Screenwriting : Plot Structuring by Daure Marchea Stinson

Daure Marchea Stinson

Plot Structuring

does any one have a nice solid formula for structuring your plot before you start writing, and keeping it consistent when you start writing?

Kerry Douglas Dye

Since no one has responded, I'll jump in with something. I mentioned the Blake Snyder Beat Sheet in an earlier thread... while I'm no Blake Snyder acolyte, it's a decent starting point. IMHO, it's a fairly accurate -- if incomplete -- representation of traditional cinematic story structure. If you're unfamiliar, Google it and you'll find plenty of explications out there. But I'd also read widely. There are lots of good ideas out there that may help you develop your own personal beat sheet.

Eric Pagan

One word.. Outline, Outline, Outline. How deep you outline is up to you. I do a rough outline for ever ten pages I expect to right to keep me focused.

David Rountree

Check out the book Save the Cat. It's a great guide.

Cherie Grant

I now OUTLINE as well. i simply write one sentence to describe what's meant to happen in each scene. Sometimes i'll flesh it out to a paragraph and that becomes a treatment.

CJ Walley

Here's a few for consideration, although really they're all very similar;

Rebecca Schauer

I completely agree with you, Alle. You cannot really "structure" a plot in a one-size-fits-all manner. I also feel that many writers will adhere so religiously to their outline as to not stray from a "properly structured" screenplay that they fail to let their work develop organically. This can lead to jagged transitions, a general lack of flow, and perhaps even missed opportunities. Structure is something that should constantly be re-evaluated once you have already started writing, as stories often take on different paths than we originally planned for them. In this respect, writing is much like growing a bonsai tree: you always want to start out with a structure in mind, but it is a living, breathing art that must be allowed to grow in the way that suits it best.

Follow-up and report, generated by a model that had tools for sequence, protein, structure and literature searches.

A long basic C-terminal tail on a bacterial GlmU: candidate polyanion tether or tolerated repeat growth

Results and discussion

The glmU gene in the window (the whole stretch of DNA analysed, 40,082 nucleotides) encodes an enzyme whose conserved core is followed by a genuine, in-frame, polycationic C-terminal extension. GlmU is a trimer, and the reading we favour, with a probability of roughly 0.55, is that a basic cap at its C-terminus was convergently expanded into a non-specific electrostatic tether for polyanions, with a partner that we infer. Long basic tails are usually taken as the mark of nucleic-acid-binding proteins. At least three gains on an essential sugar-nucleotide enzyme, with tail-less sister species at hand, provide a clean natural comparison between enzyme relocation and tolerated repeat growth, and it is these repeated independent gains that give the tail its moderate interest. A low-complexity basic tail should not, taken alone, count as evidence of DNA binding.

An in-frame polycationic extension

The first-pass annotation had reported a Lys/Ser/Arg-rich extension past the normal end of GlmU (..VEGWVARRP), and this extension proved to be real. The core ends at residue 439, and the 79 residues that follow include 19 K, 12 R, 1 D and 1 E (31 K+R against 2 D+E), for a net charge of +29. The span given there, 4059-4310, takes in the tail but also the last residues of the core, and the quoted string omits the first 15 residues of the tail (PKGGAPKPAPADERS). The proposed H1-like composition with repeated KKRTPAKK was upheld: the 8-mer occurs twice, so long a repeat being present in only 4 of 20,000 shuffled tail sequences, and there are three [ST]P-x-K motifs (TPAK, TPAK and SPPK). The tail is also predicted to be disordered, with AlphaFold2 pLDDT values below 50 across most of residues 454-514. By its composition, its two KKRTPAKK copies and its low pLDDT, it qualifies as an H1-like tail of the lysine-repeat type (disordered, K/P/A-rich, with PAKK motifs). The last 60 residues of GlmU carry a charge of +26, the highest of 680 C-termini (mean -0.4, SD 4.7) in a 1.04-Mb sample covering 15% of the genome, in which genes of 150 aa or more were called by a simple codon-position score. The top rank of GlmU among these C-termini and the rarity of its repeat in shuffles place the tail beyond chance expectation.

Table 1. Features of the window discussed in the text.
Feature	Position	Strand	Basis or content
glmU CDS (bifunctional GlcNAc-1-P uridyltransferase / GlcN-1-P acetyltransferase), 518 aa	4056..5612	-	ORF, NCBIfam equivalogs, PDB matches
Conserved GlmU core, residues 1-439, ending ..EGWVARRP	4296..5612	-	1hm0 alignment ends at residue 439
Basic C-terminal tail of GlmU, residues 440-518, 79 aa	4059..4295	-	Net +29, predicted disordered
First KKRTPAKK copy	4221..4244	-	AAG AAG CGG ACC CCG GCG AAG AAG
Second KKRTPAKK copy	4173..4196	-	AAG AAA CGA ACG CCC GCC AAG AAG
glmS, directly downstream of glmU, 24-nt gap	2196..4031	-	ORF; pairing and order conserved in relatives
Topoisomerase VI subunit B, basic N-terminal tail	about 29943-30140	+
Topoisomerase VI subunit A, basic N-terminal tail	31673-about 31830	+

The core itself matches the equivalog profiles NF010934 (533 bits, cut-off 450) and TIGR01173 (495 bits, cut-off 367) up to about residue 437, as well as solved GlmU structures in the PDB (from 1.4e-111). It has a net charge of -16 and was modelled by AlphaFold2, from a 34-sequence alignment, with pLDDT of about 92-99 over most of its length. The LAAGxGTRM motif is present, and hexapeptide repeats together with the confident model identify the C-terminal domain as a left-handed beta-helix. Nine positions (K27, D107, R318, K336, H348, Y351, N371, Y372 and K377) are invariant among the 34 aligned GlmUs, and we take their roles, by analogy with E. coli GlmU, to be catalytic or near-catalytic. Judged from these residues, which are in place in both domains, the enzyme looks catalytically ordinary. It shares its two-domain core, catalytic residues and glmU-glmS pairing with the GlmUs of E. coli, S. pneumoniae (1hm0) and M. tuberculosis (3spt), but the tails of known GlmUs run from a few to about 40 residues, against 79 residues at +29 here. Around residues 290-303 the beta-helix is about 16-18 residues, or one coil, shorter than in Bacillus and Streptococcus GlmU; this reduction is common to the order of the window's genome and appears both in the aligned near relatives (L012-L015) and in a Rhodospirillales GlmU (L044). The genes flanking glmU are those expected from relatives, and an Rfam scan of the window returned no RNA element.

Marty Wolff

I recommend doing a general outline - like what the story is about from beginning to end. You could even do a scene breakdown, like write 1 sentence about every scene and summarizing it. I learned this from Christopher Keane's book Romancing the A-List, very helpful.

Daure Marchea Stinson

thank you everyone for you comments. A lot of good info. provided. I will take everything said here into consideration

Kerry Douglas Dye

@Alle, I don't think your definition of "plot" is the generally accepted one, at least from Aristotle on. But whatever works for you.

Kerry Douglas Dye

BTW, great link CJ. That's really fascinating.

Claudette Walker

I use a story board early on. As I write it becomes ingrained. I run regular checks using the FIND key and a key word search, like Jason, explosion, core or maybe type of gun or two or three word together. Words that I know play a key part in the novel. Hope this helps.

Kerry Douglas Dye

BTW, speaking as a structure nerd: remember, it's a structure, not a straitjacket. An architect designs a structurally sound house that comports with the laws of physics. But the Empire State Building looks nothing like the Sydney Opera House, you know?

Lisa Kovanda

I use the Syd Field paradigm, myself, but also plug in elements from Snyder. I just finished reading Pilar Alessandra's "Coffee Break Screenwriter," and she has some wonderful ideas for plotting out a script.

Demiurgic Endeavors

I'll just add knowing the ending will help you plot your script. You don't have to keep the original ending but at least you'll have a destination of where you're going.

Susan Walker

Get or read Vogler's "The Writer's Journey" based on Joseph Campbell's "The Hero has a 1000 faces". It's the basic structure of ALL stories.

Rebecca Schauer

The "Glove and Boots" video is hilarious, Chad! An excellent intro for college aged writers. I'm glad someone else is calling out Adam Sandler for making such crappy movies these days, as well!

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